if you learn on arena or black forest - you largely aren’t going to know how to deal with earlier aggression.

but clearly that isn’t working all that well - and guess what? everyone starts at around 1k elo. people at 1k elo aren’t going to know how to execute a build order that curb stomps.

You’re really comparing people with like 10, 20 years of experience vs players who played for a few weeks? Pros tend to do a large amount of preparation for tournaments, and most of them will have played all kinds of maps many many times by now even if only due to the sheer amount of time spent on the game.

Or gets you to ragequit. Because if someone doesn’t show you how to lame, you might not figure it out anytime soon by yourself. Same with things like quickwalling.

hasn’t even been attempted…

Basically, try to look at the game from a point of view of a complete noob. Many things that you take for granted are pretty difficult to figure out on your own.

lol no. Arena pros have years of experience too.

first of all - new players shouldn’t be trying to quick wall. they should be walling in advance.
and frankly - laming isn’t something you should be learning as a new player - you should be learning how to scout, how to react to aggression, and how to keep moving forward.

yes it has - why do you think team games the low players black forest so much.
there is a reason Arabia has become the standard in the past 20+ years. its the most balanced map.

no its not - they literally have a tutorial that teaches them how to boom, unit counters, etc. art of war did not exist when i started this game - furthermore in the age of internet literally everywhere - any questions they have can be answered in a flash.
what they need is a map that puts it all together - and arabia does that.
you know what doesn’t do that? Forcing them to play 8 different maps. want to know why? because you’re literally forcing them to have to learn EVEN MORE all at once.

choose a map that can let them take all the basics and put it together in a neat package. Arena and Black Forest can’t do that. Water adds too much complexity.

the more maps you force them to have to learn at once, the harder it is to learn and put the fundamentals together.

you talk about wanting to make it easier on new players - but you’re ideas would literally force them to have to learn MORE at once.
imagine someone whose first map is arena - and they then go to an open map - they try to boom without walling or scouting. how is that going to go for them?

whereas if players learn on one map, they can then adjust that to other maps later on down the road once they have the fundamentals down.

So you simply mean closed maps? Trashbow itself only gets useful past a certain stage of the game and is pretty useless against a lot of unit compositions. I wouldn’t consider it a strat on its own but one of many tools Persians have to offer in late game. With halbs, hussars, siege ram, gunpowder and trashbow Persians have a decent tech tree for late game and also their eco is pretty well suited for booming, both of these are helpful for these maps.

Still, I’d say Persians are at best mid tier on closed maps (some people might probably rate them lower). On arena, for instance, early imp momentum is very important and Persians have no go-to unit for this, making them rather hard to play. So it’s even more important to react to what your opponent does compared to other civs. If you surivive early imp and are fortunate enough to not be up against a civ like teutons, ethopians or celts, the civ is decent and you can use trashbow as part of your army (accompanied by halbs/hussar and siege).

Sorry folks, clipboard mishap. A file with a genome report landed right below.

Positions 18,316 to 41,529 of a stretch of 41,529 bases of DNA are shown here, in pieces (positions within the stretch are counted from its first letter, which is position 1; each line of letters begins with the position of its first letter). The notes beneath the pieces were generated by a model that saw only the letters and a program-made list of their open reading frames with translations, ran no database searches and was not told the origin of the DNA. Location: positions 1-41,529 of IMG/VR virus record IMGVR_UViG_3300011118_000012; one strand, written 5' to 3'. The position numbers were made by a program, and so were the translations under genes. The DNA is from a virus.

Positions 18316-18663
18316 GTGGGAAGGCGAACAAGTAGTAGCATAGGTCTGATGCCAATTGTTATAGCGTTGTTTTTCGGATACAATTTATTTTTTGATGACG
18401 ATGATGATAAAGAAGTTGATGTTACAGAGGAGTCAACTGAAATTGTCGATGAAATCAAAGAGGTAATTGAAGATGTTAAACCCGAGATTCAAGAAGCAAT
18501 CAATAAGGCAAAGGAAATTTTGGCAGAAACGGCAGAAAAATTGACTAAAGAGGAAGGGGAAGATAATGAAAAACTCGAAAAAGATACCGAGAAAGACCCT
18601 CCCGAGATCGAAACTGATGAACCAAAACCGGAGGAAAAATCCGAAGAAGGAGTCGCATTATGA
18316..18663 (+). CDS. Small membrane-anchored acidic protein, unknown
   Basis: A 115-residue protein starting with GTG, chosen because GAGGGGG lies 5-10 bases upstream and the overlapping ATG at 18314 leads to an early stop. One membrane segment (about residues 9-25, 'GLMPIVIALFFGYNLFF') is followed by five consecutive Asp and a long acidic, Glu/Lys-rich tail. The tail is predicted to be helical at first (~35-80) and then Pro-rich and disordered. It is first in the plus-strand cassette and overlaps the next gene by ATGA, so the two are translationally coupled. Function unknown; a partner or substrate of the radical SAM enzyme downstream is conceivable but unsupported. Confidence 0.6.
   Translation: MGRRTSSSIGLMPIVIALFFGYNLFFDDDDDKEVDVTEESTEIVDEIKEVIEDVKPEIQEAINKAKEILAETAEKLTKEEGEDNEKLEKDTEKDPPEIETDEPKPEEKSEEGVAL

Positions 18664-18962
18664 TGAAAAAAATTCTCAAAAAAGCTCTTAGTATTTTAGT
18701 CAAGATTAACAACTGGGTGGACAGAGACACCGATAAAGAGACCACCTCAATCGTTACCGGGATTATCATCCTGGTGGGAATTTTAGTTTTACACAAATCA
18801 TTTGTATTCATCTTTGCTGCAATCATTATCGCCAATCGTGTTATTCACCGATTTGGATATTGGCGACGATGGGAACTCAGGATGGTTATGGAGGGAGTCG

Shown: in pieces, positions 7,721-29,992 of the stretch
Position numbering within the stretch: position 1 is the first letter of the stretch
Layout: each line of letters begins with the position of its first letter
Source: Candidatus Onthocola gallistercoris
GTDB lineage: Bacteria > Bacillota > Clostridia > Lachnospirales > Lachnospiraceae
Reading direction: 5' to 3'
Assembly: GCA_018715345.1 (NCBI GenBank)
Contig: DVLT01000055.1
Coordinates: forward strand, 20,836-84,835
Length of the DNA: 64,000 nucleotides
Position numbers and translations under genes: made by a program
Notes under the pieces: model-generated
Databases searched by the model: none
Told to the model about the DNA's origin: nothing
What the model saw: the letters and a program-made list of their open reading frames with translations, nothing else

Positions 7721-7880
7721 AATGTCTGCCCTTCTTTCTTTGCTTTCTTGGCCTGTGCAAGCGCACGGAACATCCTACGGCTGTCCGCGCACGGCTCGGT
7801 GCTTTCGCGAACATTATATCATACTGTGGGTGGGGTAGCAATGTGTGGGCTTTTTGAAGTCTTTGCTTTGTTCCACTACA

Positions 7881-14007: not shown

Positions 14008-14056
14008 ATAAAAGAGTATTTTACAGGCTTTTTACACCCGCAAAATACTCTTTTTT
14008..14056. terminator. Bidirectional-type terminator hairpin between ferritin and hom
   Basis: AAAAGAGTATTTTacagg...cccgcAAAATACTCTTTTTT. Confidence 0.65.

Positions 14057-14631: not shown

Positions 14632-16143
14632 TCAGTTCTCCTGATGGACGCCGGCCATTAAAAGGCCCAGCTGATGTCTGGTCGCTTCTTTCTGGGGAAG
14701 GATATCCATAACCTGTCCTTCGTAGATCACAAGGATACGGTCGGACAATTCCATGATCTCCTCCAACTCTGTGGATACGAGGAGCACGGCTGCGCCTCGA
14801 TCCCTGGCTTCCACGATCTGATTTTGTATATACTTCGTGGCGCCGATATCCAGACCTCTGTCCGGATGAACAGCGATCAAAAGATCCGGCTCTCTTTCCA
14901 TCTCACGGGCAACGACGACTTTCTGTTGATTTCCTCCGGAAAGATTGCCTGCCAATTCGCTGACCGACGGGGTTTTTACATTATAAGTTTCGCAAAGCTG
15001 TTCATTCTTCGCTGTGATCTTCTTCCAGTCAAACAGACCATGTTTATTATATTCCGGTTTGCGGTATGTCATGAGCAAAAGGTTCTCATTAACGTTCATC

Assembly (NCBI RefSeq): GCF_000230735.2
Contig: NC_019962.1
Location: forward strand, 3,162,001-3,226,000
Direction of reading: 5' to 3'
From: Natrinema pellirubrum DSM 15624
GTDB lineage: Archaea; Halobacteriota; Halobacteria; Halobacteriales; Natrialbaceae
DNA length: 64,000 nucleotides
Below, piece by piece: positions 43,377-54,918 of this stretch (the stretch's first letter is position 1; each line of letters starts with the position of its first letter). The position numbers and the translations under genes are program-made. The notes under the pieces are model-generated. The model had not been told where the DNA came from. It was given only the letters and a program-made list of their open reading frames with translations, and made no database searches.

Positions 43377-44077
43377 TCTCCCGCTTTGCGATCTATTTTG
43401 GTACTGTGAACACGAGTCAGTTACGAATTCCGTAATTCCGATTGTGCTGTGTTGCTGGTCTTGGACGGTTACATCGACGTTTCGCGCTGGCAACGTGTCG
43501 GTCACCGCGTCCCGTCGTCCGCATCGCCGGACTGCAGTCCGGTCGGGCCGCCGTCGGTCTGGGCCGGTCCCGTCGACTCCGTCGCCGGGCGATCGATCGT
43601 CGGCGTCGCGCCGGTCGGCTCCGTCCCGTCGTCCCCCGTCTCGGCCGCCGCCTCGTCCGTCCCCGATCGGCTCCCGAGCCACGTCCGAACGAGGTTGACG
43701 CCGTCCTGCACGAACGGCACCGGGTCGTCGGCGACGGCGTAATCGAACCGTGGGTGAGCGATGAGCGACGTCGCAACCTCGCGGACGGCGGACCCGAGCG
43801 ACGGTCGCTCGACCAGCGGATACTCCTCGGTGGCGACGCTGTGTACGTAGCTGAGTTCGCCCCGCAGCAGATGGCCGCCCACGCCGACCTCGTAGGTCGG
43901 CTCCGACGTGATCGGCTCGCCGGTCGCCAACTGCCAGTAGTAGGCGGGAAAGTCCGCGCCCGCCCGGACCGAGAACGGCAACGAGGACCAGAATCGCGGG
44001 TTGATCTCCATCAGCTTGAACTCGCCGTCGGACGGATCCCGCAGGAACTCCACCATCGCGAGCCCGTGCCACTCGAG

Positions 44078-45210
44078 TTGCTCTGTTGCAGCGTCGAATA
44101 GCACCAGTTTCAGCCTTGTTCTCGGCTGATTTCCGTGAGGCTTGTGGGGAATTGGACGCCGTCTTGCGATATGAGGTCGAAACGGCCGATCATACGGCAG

No it’s not, it heavily favours early aggression as you put it earlier.

Then you get back to the problem of getting slaughtered, because now you have naked villagers ripe for the picking. Quickwalling is completely essential on Arabia, not knowing how to do it just inherently puts you at a huge disadvantage. Most newcomers try to ring the townbell, and well, we all know that it’s a bad idea, but it checks out with noob logic.

Not knowing how to quickwall is not like not knowing how to Castle in chess.

On open maps like Arabia, it’s an essential skill, not knowing how to do it, and not knowing how to block an enemy scout from doing it puts you at an inherent disadvantage.

Because you take skills for granted. For a noob, the map teaches nothing without help from a more experienced player.

Again, to emphasize, a noob will have no idea that you should quickwall your woodline and miners when the scouts/maa approach, they ring the townbell, because with noob logic, that makes sense. To them, quickwalling seems like some next level big brain move, even though it’s completely standard.

A noob most likely won’t figure out that you can steal opponent boar/sheep to delay their first attack.

A noob most likely won’t figure out that spears in feudal by themselves are only moderately effective at countering scouts, because in order to actually try and trap the scouts, you need to start deploying the pallisade gates. Etc.

its the most balanced map for learning though - because you can learn fast castle builds. and you can learn early aggression builds.
you don’t learn how to deal with or how to deal early aggression on Black Forest or arena do you?

yes that’s why laming is frequently banned in tournaments - because laming is essential.

are they going to learn how to handle early aggression, scouting, etc on Black Forest or Arena? no.

quickwalling is NOT standard by any stretch of the imagination. maybe at 1600+ but thats the top 10%. a new player does not need to know how to quick wall.

again for like the 5th time: pro tournaments =/= casual play

I don’t know. I do it very frequently, because I’m not a huge fan of getting my vills sniped by a few feudal age units, each to their own I guess. And because I do quickwalling so frequently, I try my best to teach it to noobs because at least on my elo it’s absolutely needed skill.

and how often do you actually see laming in casual play? i don’t see it much at all.

that is why you wall in advance and don’t leave it up to quick walling.